All conventional farming businesses have been affected by increasing costs. As well as sector specific cost increases, such as fertiliser, the consumer prices index (CPI), rose by 7% in the 12 months to March 2022, the highest seen since March 1992, and is expected to hit 10% by the end of the year.
Businesses which have diversified into other areas, such as leisure and tourism have also been affected. With the general public’s disposable income being squeezed, the true effect of this may not be seen until later in the year.
The sales price of cereals has seen an increase in value by nearly 50%. It is difficult to know whether this is enough (with the increased costs), to make an arable business profitable.
Fertiliser prices have rocketed from £283 per tonne back in March 2021, to £839 per tonne in March 2022. This is a 196% increase in just one year. Many farmers will have to make a difficult decision by weighing up the value of adding fertiliser against the potential increased yield.
Red diesel has nearly doubled in price over the year. In March 2021 it was at 59.95ppl, whereas in March 2022 it was 96.02ppl and could continue to rise. Will farmers weigh up the true cost of hauling silage and corn from a distance? Will farmers move away from conventional planting methods and use direct drilling?
In early May 2022 the Bank of England increased the base rate of interest to 1.00%. This has increased from 0.10% in less than five months. Those with variable interest loans will see their costs increase which will impact the business cash and overall profitability.
Monitoring Your Cashflow
With costs continuing to rise, many businesses are having to monitor their cashflow. To afford the increased price of inputs and overheads, many farmers are going to have to consider the timing of sales. They may decide to sell their stock earlier than normal, thereby realising profits earlier. This could affect the year end accounts since profits and possible tax liabilities would be brought forward, as stock is generally valued at the cost of production or at deemed cost which is 60-75% of the market value.
To aid cashflow, the Government announced they will bring forward the payment of 50% of the 2022 basic payment scheme due in December 2022, to July. The balance of the payment being paid as normal in December. Whilst this is welcome news to many farmers, and will help cover the payment of increased input costs, businesses need to be prepared for the reduced payment in December as this is generally when farming income is reduced.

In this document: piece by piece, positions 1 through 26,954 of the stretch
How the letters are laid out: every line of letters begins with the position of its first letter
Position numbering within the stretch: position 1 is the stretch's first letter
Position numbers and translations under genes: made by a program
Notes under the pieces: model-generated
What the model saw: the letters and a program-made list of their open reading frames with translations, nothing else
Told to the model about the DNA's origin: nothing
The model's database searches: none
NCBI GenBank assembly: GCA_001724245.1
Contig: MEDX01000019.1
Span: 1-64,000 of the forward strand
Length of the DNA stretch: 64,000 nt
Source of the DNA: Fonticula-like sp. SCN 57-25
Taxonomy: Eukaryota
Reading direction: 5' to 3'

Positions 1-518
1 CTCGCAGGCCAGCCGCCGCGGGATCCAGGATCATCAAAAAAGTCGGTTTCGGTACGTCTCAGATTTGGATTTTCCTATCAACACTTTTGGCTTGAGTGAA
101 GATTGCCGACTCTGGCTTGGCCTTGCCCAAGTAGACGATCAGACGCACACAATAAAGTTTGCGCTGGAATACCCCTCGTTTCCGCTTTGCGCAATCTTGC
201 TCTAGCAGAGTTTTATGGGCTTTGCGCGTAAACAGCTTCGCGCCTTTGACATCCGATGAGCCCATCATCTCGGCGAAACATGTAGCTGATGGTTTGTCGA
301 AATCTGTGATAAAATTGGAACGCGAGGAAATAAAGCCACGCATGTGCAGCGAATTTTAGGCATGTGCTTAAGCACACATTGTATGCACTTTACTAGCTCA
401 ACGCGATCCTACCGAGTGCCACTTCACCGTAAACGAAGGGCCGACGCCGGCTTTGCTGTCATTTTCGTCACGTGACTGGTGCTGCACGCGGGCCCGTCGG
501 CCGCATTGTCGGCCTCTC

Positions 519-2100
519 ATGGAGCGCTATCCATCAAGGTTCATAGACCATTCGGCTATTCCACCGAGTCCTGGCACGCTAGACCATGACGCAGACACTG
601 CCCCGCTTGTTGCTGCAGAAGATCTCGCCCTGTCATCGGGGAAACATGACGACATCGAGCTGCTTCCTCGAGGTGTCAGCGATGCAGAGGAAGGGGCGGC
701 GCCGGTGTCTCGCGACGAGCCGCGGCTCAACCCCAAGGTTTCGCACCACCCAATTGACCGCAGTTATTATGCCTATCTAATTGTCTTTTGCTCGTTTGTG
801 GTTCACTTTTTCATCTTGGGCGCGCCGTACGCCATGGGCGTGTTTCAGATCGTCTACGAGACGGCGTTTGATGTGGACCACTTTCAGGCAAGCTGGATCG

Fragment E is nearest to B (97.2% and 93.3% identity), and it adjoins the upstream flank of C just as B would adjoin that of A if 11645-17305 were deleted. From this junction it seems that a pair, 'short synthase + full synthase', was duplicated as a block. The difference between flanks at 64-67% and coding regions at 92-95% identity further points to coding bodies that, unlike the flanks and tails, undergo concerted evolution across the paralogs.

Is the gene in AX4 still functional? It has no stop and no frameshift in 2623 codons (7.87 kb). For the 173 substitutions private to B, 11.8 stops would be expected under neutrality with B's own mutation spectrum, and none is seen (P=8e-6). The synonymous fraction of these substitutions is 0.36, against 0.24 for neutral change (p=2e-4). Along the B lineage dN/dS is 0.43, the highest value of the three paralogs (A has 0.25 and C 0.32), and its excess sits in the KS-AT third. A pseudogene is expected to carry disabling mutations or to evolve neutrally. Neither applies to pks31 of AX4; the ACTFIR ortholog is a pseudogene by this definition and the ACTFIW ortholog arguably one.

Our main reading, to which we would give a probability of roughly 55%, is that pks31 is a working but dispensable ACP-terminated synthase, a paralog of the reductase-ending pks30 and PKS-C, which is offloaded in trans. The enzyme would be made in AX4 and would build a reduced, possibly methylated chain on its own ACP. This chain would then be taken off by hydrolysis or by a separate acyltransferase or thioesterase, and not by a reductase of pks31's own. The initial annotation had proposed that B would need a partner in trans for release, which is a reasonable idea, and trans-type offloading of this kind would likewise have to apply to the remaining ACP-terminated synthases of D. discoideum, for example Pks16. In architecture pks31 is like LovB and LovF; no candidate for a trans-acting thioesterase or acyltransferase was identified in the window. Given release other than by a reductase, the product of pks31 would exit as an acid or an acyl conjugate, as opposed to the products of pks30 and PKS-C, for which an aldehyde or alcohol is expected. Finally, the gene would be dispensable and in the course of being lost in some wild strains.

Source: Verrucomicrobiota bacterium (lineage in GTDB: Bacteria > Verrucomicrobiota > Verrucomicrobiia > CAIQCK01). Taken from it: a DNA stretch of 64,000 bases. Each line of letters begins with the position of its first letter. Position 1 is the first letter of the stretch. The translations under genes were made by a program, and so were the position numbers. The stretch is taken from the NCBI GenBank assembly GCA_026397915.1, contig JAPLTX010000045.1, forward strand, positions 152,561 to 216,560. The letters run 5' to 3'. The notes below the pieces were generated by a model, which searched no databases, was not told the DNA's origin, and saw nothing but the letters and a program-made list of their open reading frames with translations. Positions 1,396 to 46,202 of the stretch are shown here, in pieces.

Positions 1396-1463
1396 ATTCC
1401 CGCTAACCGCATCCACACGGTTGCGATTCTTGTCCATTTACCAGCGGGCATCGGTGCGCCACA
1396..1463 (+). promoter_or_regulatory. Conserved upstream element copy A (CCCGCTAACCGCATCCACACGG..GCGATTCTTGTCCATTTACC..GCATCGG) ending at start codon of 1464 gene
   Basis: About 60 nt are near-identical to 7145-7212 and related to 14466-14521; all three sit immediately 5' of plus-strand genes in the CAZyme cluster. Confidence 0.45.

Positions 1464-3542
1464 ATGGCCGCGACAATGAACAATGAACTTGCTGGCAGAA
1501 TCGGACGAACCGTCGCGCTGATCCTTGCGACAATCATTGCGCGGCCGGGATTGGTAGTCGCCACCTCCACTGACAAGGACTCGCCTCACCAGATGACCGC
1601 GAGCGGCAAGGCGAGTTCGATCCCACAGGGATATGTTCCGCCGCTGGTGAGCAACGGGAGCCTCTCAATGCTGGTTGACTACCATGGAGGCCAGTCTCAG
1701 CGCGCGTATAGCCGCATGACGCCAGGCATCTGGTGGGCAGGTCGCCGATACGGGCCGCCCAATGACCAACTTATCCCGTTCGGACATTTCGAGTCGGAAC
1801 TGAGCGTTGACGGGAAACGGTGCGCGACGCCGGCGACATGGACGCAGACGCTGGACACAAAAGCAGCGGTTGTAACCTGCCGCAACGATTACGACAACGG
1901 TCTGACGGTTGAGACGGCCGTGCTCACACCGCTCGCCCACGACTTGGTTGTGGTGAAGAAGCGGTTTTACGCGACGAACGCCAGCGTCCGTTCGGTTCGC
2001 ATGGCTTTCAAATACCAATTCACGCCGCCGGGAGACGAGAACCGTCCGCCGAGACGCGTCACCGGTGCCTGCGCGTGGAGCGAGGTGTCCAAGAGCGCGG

Farmers are used to fluctuations in income and profits; however, the vast increase in costs is not a regular occurrence. The timing of when inputs are purchased, and stock sold, will have a real bearing on the 2022 profits. For example:
An arable farmer with a March year end pre-purchased their fertiliser for application on the 2022 harvest back in the early summer of 2021 costing £280 per tonne. In the 31 March 2022 accounts this cost will be carried forward in stock as part of the growing crop valuation. Due to the current prices, there is potential for the 2022 harvest turnover to be high, this is likely to create healthy profits in the year end to 31 March 2023. Any fertiliser purchased at the current inflated price for the 2023 harvest, will be carried forward in stock and have no bearing on the March 2023 profits. This could lead to an unexpected large tax charge in January 2024 when cash in the business might be stretched.
Farmers averaging will help smooth the fluctuations in farming profits, but understanding your position and being able to make informed decisions will be critical to ensuring the business has cash when needed.
If you would like any help with cash flow monitoring or profit forecasts, please contact Jeremy Kirby or your usual Hazlewoods contact on 01242 680000 or firstname.lastname@example.org